One way forward would be to have more diversity among trainers to challenge any class blind spots. Those who have such a powerful influence on counsellors’ personal and professional development need to reflect more on the significance of client diversity. Otherwise, who else is representing them?
I would like BACP to challenge colleges that have a disproportionate amount of white middle-class staff and students. If it is not happening already, I would like to see it made part of their accreditation criteria that colleges are proactive in recruiting students and staff from diverse backgrounds.
Mike: That’s a radical proposal, and I agree with it. It also has implications for the ‘measuring outcomes’ debate; the effect of the class of clients and counsellors doesn’t seem to have been considered at all when trying to measure the effectiveness of counselling. It does have profound implications for counsellor training. I wonder how many counselling training courses explore class issues. Did you cover class in any way when you were training?
Simone: I recall a two-day unit during my three years training where we looked at class but it was a subject that my tutor openly admitted to finding difficult and it certainly did not seem like a requirement that we should explore it in any depth.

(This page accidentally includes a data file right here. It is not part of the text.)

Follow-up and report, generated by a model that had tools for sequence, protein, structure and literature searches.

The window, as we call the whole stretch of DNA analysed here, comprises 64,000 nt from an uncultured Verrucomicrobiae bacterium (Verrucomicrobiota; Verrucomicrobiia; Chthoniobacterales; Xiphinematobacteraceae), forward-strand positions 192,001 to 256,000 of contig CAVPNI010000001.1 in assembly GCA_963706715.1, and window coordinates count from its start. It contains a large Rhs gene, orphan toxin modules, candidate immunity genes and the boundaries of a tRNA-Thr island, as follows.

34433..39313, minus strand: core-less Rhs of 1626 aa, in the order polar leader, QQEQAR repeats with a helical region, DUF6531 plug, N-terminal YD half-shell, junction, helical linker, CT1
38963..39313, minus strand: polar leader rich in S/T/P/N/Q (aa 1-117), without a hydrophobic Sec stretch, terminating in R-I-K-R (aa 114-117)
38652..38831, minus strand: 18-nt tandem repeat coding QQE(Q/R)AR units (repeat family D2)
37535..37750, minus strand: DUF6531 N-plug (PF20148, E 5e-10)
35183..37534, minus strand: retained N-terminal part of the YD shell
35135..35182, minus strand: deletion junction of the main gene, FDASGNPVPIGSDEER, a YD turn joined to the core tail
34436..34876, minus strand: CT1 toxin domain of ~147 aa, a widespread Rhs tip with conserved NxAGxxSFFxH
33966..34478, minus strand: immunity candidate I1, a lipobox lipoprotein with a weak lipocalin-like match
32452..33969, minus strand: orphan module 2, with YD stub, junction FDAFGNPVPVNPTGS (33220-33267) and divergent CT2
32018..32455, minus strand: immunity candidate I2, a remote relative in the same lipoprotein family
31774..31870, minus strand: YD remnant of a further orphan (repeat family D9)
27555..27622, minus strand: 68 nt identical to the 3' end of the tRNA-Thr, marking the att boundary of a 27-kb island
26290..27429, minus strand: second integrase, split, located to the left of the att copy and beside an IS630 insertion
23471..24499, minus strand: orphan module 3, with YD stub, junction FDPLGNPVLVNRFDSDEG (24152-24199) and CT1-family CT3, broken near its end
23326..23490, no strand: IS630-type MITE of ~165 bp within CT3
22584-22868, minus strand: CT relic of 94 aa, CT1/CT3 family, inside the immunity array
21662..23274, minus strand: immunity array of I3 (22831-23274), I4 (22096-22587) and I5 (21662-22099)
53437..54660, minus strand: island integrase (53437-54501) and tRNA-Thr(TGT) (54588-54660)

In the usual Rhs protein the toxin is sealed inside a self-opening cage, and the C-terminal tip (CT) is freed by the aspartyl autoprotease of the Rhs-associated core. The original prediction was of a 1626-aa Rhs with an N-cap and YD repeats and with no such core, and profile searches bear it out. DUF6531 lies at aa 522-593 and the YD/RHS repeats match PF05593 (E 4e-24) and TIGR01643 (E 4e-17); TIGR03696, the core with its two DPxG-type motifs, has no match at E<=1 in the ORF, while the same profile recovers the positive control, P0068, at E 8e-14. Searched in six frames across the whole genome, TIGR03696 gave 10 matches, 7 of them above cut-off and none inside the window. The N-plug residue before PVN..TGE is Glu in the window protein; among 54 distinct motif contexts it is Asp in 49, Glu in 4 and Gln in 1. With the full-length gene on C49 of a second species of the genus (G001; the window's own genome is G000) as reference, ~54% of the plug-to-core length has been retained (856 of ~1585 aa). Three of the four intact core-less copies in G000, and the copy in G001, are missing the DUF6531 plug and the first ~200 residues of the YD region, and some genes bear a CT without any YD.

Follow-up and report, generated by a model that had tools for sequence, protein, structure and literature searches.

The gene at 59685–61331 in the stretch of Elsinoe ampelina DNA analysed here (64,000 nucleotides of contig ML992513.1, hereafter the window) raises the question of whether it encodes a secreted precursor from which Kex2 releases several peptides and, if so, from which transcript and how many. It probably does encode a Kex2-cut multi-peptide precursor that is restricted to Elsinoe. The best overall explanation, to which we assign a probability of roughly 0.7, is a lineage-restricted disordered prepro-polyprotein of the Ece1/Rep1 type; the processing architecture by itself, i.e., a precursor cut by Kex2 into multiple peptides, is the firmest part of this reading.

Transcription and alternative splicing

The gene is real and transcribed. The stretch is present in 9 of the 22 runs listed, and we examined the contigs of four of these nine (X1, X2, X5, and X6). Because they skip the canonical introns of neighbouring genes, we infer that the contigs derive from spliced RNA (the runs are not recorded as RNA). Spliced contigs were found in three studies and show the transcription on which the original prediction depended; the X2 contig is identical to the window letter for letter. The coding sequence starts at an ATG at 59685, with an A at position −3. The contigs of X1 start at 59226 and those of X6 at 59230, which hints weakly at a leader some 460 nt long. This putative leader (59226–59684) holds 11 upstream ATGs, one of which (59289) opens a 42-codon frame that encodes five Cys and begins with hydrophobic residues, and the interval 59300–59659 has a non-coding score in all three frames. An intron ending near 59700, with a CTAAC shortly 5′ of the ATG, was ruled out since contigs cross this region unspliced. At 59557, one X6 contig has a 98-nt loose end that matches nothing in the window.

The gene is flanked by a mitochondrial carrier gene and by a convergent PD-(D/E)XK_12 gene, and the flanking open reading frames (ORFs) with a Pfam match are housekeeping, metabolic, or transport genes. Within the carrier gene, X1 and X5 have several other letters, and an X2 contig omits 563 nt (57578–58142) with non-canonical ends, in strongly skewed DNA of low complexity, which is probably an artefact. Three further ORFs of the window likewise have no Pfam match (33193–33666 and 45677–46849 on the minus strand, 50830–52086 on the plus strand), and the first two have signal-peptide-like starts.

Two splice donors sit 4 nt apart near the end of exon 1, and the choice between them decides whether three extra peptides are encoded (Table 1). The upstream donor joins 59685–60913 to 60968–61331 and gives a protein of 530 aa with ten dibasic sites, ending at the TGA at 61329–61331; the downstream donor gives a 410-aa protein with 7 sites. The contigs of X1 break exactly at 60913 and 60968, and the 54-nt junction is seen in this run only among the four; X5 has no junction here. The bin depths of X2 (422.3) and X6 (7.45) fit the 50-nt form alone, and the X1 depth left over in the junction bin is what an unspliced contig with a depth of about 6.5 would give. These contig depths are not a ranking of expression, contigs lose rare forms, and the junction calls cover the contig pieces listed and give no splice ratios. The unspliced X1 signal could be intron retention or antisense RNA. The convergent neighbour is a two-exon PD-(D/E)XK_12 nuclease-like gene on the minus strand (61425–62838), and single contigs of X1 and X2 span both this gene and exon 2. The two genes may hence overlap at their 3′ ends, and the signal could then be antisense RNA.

When I look back, it felt like we had ‘ticked the box’ – I’m hoping that things have changed but, from my experience of talking with colleagues who have trained in various institutions, it seems not. Class still isn’t an issue that is considered to be particularly important.
Mike: How should class be looked at in training?
Simone: I think it is important for counsellors to gain an understanding of our identity and how this affects the way we experience the world. It’s also helpful to explore what it might mean to come from privileged or under-privileged backgrounds and the effects that may have on self-concept. It’s also important to consider how low status can create feelings of shame and humiliation, especially when meeting people with a ‘higher status’ – for example, when joining a high status university such as Oxford or Cambridge. Part of me now wishes I hadn’t trained at my prestigious training provider. I chose it because of the prestige and because I knew it would open doors for me, which it has. But I missed out on studying with a diverse group of people who have lived lives similar to those of my clients.
I’m disappointed by the elitism that exists within our profession. Those in the know are aware of where to go if looking for high status and, as with private schools, such places effectively restrict their intake by charging high fees. The locations are often in nice, leafy, middle-class neighbourhoods, some in imposing buildings. Home from home, for some. It all seems set up nicely for the white middle classes but others have to come out of their worlds and enter into something different – like working-class kids when they enter school.